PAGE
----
Growing up in a family who know the F&B business, Guillaume Galliot knew from a young age that he wanted to become a chef. After pushing to learn to cook his own meals at 12, then taking on a stage [apprenticeship] at 15, Galliot finally went to train with the famed Pourcel Brothers at their three Michelin-starred restaurant, Jardin des Sens, at 19.
Since then, his career has taken him to exotic locations like St Barthelemy in the Caribbean; the Raffles Hotels in Beijing and Singapore; and a six-year stint in Macau. In 2017, he took over the kitchen at Caprice, the French fine-dining experience at the Four Seasons Hotel Hong Kong. In just 18 months, Galliot has recovered Caprice’s coveted third Michelin star — but if he’s got anything to say about it, he’s just getting started.
How did you get into food and cooking?
Very early. My mother was working in the business as a sommelier. My uncle was a sommelier in a famous two-star restaurant in the 80s in Paris, so there was always food and drink around me. Then when I was 12 and going to school, the food was very bad and I told my mom I wanted to buy products at the weekend so I could cook for myself. We were living 50 meters from school, so it was very easy to come home, cook, and go back to school. So I started cooking very simple dishes for myself, you know, pasta, steak, crepes, these kinds of small things. And that’s how I started, by cooking for myself at 12 years old.
Later, I told my mum I really wanted to go into cooking, so I asked if I could do a stage. Usually, you need to wait until you’re 16, but I managed to find a stage, so for two years I did three weeks [with a chef] and one week at school. And then I had to pass the exams, which were the same as the people who had been in school full-time. By then, they had more theoretical knowledge, but poor kitchen knowledge, but for me, the theory was not bad, and I had good practical experience. So I took the exams, and then started to work in restaurants.
To you, what makes a great dish?
Mainly good products. The best products you can find. It could be a sardine or Kagoshima beef or whatever, but the best product. Then you need to use the best cooking method, the best seasoning, and the best sauce.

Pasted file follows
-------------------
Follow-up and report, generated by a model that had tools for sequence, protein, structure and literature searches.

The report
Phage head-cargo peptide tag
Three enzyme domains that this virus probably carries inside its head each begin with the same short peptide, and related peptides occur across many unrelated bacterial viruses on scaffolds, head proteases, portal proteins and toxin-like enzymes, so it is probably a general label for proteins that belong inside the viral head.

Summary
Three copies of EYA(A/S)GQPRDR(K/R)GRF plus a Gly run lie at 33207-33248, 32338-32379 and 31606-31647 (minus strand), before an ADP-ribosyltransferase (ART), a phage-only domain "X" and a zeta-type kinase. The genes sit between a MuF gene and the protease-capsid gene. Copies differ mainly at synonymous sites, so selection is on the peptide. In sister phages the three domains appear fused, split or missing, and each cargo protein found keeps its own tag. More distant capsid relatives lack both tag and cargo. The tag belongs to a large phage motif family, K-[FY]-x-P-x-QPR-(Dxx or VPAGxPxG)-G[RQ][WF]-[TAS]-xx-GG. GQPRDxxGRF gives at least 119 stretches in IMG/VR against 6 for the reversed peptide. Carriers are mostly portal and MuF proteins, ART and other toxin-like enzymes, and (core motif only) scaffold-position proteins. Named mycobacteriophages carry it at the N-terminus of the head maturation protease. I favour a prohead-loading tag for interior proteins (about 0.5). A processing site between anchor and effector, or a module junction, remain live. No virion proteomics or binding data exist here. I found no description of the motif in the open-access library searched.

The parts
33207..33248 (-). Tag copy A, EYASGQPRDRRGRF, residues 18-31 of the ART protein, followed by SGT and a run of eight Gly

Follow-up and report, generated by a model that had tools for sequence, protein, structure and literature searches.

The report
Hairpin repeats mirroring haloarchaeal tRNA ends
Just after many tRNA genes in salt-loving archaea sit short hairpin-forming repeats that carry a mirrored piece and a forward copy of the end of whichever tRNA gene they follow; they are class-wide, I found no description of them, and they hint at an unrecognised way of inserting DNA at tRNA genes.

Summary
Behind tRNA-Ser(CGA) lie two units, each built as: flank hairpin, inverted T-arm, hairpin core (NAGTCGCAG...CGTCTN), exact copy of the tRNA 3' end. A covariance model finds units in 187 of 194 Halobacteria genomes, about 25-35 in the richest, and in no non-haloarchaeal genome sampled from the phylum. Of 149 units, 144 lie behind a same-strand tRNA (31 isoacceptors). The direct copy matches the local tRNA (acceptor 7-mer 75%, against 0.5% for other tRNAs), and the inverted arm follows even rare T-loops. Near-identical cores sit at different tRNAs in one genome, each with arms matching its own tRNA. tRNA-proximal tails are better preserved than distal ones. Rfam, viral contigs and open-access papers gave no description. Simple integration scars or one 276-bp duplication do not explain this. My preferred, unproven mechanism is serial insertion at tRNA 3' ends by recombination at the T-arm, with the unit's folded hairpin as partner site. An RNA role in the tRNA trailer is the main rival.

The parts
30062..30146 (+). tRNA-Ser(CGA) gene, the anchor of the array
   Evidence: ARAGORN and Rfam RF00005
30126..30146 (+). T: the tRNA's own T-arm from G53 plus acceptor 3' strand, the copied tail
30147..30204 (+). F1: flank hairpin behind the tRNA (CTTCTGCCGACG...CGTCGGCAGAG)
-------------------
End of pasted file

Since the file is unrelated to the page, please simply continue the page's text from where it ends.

So sauce is important?
Yes. I would say it’s 60% or 70% of the work. Of course the product is important, but if you have good product and a bad sauce – or no sauce! – you will not bring out the best flavors of the product you’re cooking.
What’s your favorite ingredient to work with?
I have a lot! Salt…vinegar…truffle. It depends on the season and my mood. When I reach summer I really love working with tomato, in winter, truffle, and in autumn, mushrooms. Each season has so many items to offer, but if I had to choose something that I love all year round that I can’t live without, it’s salt and vinegar and butter. Stuff that adds flavor and is the base of everything. 10 years ago perhaps I didn’t realise how important this was to extract the flavour of the ingredients.
You trained with Jacques and Laurent Pourcel at Jardin des Sens – do you think you picked up any tips and ideas for running a three Michelin star restaurant from this experience?
In a way yes, but I was very young. I was 19 when I was working from them. [Working with them] helped me a lot in developing my knowledge about organization, because [we worked as] a big brigade, we had 35 people. So it’s more on that side I developed. But [I also learned] different techniques. The south of France had a lot of olive oil and butter, which I hadn’t really worked with much before. Maybe unconsciously I [also] picked some things up during my time there, which helps me create really unique dishes, like techniques or something, but I don’t know!
Why did you decide to leave France?
There are many reasons! I had just become single, and I was young. And when I was working for the Pourcel brothers and doing some demonstrations for them in Singapore and Montreal, I really enjoyed it. I thought it was really cool, and I saw a very different way of working, and different products they were working with, and I was very curious.
The chef de cuisine at Jardin des Sens at the time was a French guy who left France when he was 18, and when he was in our kitchen he was 38 and talking about living in Mexico and all these other places, and when we had trainees in the kitchen, he would talk to them in English, in French, in Spanish…I was very impressed. The Pourcels met him in Cartagena [Colombia] and brought him over to France, and he has so many things to bring to the kitchen, including techniques and an open mind. He was so inspirational with all the cool stuff he did, and he always had these amazing stories to tell! And on top of that he was very brilliant with the knife and the taste.
And one day, he found me a job in St Barthelemy. The Pourcel Brothers were like, “Are you sure you want to go?” And I said yes, absolutely! So I went. And then later, Thierry called me again and said that the Raffles in Singapore was looking for a sous chef and that I should go to Asia. So I said of course, yeah, why not?! So I went to Singapore at 23.